“It is ludicrous,” he said, while noting that examples of real censorship may be shrugged off as a non-issue or remain invisible to the general public.
Like Spence, Mercer also speaks from experience.
In mid-September, as the nation marked Banned Books Week, CatholicVote was locked out of its TikTok account for “hateful behavior.”
The video posts that provoked the permanent suspension from TikTok drew attention to books with appealing LGBTQ protagonists that were available in school libraries, among other issues. One scrubbed video featured a CatholicVote intern reading Rick, a young adult book about a boy who joins his middle school Rainbow Spectrum club, and finds a new welcoming community.
“Inappropriate books like Rick are targeting young children,” read an accompanying caption that urged parents to locate such books in libraries, make them inaccessible to children, and write to the librarian outlining concerns.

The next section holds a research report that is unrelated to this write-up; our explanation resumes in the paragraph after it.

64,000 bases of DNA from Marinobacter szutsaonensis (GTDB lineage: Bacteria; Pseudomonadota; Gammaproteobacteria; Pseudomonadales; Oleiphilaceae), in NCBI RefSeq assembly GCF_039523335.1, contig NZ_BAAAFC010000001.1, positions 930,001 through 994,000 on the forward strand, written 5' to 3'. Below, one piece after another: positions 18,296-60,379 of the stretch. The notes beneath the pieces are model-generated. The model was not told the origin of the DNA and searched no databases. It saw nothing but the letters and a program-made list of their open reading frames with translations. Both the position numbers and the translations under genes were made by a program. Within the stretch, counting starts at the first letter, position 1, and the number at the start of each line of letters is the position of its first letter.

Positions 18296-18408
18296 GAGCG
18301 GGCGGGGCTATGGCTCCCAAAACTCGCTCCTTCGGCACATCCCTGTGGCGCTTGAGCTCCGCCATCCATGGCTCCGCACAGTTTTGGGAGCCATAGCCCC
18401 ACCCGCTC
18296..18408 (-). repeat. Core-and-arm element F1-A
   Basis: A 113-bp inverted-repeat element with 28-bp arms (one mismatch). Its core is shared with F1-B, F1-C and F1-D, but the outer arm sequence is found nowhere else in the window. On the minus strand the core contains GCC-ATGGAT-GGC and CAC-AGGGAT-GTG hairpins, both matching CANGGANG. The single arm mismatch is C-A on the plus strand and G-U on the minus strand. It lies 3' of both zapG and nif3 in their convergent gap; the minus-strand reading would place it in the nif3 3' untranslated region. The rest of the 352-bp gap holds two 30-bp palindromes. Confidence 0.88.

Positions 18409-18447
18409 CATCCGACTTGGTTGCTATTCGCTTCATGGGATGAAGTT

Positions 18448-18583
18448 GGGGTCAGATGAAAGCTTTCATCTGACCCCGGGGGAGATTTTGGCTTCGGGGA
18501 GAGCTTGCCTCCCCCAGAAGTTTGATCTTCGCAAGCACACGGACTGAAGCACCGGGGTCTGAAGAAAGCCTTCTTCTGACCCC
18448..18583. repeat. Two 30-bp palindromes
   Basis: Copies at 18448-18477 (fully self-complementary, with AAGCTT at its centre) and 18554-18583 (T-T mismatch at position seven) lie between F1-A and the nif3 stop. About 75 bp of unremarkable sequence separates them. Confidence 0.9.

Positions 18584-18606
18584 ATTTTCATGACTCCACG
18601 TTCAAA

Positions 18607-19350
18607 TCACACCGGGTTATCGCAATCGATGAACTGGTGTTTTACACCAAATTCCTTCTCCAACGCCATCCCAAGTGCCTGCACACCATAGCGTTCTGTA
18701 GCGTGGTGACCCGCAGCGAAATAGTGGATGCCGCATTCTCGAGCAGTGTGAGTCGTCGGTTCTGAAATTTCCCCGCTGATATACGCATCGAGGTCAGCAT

Most Challenged Books
Rick represents a burgeoning category of books featuring LGBTQ story lines. According to the ALA’s list of the 10 most challenged books of 2021, the first three include Gender Queer by Maia Kobabe, a graphic comic novel about being “gender nonbinary,” Lawn Boy by Jonathan Evison, a semiautobiographical book that includes a sexual encounter between two fourth-grade boys, and All Boys Aren’t Blue, a Memoir-Manifesto by George M. Johnson, a Black author who identifies as “Queer.”
The first two titles won an Alex Award, an ALA prize given to books written for adults that have “special appeal to young adults, ages 12 through 18.”
“Winning the Alex has been such an amazing opportunity to connect with those elusive younger readers, since the audience for literary fiction tends to be over 40,” Evison noted in a previous interview.
Meanwhile, the 2020 release of All Boys Aren’t Blue also brought critical acclaim from Amazon and major public libraries. Some school librarians snapped up the books.